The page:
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I've got a bike that hadn't been used in a while until a couple weeks ago, it was in a place where it gets direct sunlight (I'm trying to fix that) and as a result some things like the seat have spoiled.

Anyway, I inflated it just fine and have used it several times since then. About a week ago, another bike's tyre exploded (my guess is sun + overinflation); I spent a while trying to inflate that one to see if I could spot the rip, unsuccesfully and then just lt it be.

Since then, I've been unable to inflate the first bike's tyres due to major resistance (I guess the valve on the pump is not working properly)

Today, I was trying to inflate it before going out when I noticed there are bits peeling or being shaved off the side of the valve and I'm wondering whether this could be dangerous?

Valve peeling

Valve peeling 2

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    No biggie. There is usually a thin rubber/plastic coating on the outside of the valve, and yours got chewed up while being pressed through the hole in the rim. – Daniel R Hicks Sep 28 at 17:27
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    The hole in the rim is likely to have sharp edges or burrs. Remove the tyre and the tube and de-burr the hole carefully with a triangular file or fine sanding paper. – Carel Sep 29 at 11:05
  • "another bike's tyre exploded (my guess is sun + overinflation)" You’d need a lot of pressure. Most tires won’t explode even well above the maximum pressure printed on the sidewall. – Michael Sep 29 at 12:49
  • @Michael, actually I doubt it was even overinflated. yeah it didn't even have much air; must have been around 50 psi (tire says 45-60); It was just resting against the wall with a Clug rack; I was using the PC, heard a loud noise and my dog came running in and when I went out I found the front tire completely flat. 🤷🏼‍♂️ – Gregorio Litenstein Sep 29 at 18:35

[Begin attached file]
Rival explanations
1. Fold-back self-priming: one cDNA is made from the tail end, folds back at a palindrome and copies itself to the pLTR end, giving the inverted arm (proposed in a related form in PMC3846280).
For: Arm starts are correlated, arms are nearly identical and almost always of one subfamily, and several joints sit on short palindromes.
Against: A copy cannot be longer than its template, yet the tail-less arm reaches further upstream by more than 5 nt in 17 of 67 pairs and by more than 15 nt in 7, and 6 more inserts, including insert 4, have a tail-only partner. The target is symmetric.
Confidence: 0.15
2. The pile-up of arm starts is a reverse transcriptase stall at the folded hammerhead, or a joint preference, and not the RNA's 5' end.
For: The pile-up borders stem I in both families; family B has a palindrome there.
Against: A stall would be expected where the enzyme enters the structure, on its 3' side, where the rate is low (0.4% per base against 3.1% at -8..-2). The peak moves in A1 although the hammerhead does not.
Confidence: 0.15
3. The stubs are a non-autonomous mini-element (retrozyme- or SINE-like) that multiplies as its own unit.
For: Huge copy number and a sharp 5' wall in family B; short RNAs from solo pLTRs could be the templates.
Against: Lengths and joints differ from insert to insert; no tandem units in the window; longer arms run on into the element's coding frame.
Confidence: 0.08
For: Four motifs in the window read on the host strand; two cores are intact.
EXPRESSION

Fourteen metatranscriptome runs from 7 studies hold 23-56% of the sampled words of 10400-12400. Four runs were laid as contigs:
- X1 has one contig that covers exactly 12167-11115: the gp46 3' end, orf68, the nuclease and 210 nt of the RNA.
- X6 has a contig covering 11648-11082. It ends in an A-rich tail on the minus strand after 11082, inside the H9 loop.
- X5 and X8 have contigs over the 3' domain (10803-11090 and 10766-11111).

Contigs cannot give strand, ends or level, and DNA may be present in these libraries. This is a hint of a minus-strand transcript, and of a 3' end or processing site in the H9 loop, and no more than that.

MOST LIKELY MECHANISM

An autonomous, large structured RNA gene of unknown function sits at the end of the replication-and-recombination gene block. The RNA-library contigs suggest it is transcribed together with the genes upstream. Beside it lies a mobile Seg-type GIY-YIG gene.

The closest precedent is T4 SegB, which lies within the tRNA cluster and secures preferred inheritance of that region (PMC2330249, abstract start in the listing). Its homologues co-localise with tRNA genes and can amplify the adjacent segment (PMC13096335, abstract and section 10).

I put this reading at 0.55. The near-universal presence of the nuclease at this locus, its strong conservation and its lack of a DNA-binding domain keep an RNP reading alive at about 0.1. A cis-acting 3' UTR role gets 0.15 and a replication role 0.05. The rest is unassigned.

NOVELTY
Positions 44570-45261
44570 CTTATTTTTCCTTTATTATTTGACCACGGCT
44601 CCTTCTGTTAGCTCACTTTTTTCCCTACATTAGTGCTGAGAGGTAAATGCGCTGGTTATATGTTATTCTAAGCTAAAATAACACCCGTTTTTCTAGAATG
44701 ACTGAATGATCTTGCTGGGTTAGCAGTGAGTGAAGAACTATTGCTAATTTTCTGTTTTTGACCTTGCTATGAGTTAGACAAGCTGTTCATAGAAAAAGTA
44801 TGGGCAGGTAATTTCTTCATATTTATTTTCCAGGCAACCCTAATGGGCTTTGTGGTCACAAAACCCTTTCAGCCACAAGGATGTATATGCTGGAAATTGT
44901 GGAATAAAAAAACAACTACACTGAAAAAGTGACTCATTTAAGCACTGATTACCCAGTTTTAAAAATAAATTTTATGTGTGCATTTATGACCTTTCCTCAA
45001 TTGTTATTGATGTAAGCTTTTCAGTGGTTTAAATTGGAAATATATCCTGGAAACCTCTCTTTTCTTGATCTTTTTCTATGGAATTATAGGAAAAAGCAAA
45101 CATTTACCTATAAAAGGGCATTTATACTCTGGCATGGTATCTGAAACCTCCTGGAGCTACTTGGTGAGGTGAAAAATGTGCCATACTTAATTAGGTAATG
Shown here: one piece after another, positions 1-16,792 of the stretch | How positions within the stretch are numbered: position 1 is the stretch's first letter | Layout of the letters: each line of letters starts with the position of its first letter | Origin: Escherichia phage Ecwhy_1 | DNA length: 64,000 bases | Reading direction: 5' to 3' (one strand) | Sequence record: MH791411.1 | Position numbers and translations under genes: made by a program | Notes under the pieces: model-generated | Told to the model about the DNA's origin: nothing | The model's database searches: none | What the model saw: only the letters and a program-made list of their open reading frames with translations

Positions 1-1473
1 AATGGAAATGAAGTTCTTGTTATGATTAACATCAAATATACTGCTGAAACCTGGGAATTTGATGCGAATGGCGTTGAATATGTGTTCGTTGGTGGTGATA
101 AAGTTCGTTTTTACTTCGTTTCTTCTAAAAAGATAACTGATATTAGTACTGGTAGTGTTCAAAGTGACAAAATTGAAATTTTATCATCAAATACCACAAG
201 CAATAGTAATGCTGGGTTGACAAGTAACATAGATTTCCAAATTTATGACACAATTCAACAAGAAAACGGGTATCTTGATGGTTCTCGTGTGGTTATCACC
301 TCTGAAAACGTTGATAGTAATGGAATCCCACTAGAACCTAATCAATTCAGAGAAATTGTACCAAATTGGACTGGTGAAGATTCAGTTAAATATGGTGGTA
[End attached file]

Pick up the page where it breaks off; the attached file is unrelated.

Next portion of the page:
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The type of damage shown is often due to under inflation or not centering the valve stem in the hole. When under inflated the tube doesn't exert enough pressure on the tire bead. This allows the tire to spin on the rim. That in turn causes the tube to shift pulling it at an angle and chaffing the valve stem.

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  • That would make sense considering; as I say, that they hadn't seen much use recently. Thanks. – Gregorio Litenstein Sep 29 at 18:36
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It looks to me as though the pump head, the part that attaches to the tube, is damaging the valve stem of the tube. Personally I wouldn't worry much about some minor scuffing and gouging, as shown in your second picture, but when pieces start flaking off, as in your first picture, then I'd replace the tube, because it looks as though the valve stem might fail.

If the valve stem fails then the result will be a "blowout", meaning that there will be a loud bang and then you won't have any pressure. If you're riding at the time then you can do damage to the tire (or tyre if you prefer). In the worst-case scenario, a blowout could result in a crash if you were cornering at the time.

I don't think I've seen damage like that before. I would suspect the pump head first, especially since you reported trouble with it. Maybe you aren't using the pump correctly; the lever on the pump head is meant to be flipped one way to grip more loosely when you're pushing the pump head on the valve stem, and then flipped the other way to grip tighter when the pump head is in place. If you are not using the lever at all, or using the lever incorrectly, that may be part of the problem. With most pumps these days the lever is parallel with the rim to put the pump head on, and perpendicular to the rim to lock the pump head in place.

If the pump head is the problem, most bicycle shops will be able to sell you just the replacement head, which is cheaper than an entire new pump.

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    If the pump head was causing this then the marks would be farther out on the valve stem. And try taking a knife and cutting off the stem -- you can't, because there's solid metal under the rubber. – Daniel R Hicks Sep 28 at 17:58

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